The broadcaster, who presents the BBC's flagship Newsnight programme, said that age should not be a barricade to women working in television and that she intended to stay at her post for years to come.
Wark, who made her name with a tough interview of then-prime minister Margaret Thatcher in 1990, appears on screens 60 times a year.
She said that Tony Hall, the new director general of the BBC, had "laid down the law" on attitudes to older women presenters.
She added: "It's just not acceptable to talk about women going just because of their age. I think that if you try to keep at the top of your game, and if you are still doing good work, then age shouldn't be a barrier. It's not a barrier for men - David Dimbleby's in his 70s."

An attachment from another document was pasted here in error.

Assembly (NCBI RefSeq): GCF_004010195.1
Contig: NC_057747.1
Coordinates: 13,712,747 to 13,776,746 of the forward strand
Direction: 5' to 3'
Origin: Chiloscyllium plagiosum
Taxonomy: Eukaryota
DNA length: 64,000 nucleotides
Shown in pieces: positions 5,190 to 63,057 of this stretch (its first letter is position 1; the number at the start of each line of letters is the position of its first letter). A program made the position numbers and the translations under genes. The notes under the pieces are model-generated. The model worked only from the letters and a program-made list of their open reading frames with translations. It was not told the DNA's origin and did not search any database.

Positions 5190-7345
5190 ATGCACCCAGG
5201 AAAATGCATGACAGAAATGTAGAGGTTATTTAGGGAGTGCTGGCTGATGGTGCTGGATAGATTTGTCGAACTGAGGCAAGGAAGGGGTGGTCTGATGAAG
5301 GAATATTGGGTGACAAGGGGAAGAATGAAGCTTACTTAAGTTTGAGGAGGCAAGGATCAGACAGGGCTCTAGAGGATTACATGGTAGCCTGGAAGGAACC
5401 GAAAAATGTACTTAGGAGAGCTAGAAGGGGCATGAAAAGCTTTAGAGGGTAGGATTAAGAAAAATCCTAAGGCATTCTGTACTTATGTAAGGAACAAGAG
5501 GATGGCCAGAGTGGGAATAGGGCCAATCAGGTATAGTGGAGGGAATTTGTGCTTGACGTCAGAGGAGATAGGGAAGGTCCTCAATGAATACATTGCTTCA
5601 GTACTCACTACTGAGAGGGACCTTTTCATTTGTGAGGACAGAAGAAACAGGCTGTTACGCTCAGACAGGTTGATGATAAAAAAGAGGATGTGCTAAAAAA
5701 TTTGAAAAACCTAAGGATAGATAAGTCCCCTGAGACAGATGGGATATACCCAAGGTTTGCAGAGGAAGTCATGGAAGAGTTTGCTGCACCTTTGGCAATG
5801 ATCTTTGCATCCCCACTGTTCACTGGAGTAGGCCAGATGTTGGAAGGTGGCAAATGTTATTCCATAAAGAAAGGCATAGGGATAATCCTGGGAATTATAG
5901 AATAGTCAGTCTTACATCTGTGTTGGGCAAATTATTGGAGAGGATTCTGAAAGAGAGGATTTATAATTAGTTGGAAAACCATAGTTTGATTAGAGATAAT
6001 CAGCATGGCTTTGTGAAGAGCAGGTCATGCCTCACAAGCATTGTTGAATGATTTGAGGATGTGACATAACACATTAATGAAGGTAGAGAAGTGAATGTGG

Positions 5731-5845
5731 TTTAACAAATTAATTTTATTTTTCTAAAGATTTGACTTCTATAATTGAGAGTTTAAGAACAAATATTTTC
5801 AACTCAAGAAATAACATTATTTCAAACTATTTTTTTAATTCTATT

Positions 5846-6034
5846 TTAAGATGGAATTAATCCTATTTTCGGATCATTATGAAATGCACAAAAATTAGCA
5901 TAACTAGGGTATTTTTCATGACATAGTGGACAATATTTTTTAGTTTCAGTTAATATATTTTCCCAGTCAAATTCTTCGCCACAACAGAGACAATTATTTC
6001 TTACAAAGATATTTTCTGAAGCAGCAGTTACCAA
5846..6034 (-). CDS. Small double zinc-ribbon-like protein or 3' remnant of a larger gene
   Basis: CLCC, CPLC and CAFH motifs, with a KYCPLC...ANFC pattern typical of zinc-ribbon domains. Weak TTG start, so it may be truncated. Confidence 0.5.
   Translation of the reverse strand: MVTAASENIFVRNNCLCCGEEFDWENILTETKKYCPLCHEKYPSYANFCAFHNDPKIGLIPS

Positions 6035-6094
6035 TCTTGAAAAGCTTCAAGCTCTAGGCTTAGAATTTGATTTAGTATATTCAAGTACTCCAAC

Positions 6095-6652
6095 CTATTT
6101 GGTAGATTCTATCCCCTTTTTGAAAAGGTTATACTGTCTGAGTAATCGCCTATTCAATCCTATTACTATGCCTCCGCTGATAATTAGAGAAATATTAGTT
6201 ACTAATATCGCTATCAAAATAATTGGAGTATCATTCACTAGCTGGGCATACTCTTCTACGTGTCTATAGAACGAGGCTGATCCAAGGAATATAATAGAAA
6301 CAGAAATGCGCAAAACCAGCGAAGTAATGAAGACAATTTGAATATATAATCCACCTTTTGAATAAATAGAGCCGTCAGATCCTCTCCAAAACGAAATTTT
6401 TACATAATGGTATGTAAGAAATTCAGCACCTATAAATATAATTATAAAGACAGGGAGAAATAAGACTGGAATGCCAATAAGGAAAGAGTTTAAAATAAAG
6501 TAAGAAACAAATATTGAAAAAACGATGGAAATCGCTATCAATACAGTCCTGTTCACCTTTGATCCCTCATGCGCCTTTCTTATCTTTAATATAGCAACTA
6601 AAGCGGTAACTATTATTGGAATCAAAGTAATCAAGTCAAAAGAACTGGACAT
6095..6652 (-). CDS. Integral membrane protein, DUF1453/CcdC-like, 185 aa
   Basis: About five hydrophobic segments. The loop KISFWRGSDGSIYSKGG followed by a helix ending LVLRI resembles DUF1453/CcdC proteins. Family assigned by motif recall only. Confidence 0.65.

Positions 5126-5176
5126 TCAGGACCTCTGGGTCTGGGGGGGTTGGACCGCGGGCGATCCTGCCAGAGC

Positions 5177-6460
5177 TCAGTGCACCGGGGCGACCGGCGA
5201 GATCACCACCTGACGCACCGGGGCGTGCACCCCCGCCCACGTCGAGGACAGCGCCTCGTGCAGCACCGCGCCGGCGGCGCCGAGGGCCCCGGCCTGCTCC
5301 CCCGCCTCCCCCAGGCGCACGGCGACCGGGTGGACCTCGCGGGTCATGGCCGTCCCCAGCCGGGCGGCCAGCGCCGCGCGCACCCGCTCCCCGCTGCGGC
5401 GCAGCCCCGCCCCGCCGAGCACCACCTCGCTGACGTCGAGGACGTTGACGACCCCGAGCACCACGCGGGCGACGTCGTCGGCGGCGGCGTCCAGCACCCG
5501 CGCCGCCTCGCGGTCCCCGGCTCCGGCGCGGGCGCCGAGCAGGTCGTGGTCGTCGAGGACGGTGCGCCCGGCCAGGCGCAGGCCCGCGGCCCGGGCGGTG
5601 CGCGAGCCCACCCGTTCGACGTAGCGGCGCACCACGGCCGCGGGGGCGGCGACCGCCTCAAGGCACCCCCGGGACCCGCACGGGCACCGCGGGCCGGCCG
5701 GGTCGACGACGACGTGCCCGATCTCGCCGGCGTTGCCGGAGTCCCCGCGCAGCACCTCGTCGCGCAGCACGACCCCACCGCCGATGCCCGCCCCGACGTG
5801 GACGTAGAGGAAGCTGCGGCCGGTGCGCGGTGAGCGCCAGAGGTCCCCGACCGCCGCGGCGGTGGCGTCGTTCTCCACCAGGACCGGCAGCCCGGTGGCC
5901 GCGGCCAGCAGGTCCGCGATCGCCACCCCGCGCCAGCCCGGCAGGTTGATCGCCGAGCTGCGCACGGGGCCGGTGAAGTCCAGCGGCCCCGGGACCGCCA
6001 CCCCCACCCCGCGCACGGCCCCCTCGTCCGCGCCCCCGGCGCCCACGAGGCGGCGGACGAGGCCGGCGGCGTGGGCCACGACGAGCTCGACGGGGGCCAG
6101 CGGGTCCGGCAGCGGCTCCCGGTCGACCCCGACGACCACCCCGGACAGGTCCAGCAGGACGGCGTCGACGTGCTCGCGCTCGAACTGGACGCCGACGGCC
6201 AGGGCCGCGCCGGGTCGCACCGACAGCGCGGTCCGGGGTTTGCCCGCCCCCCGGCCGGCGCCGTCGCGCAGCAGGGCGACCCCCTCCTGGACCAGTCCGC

The comments from Wark, who is also due to front a new culture show, are likely to reignite the debate about female presenters being retired due to age that has dogged the BBC in recent years. Former stars Selina Scott, 62, and Anna Ford, 69, have complained about their treatment by broadcasters, while former Countryfile presenter Miriam O'Reilly won an ageism case against the BBC in 2011.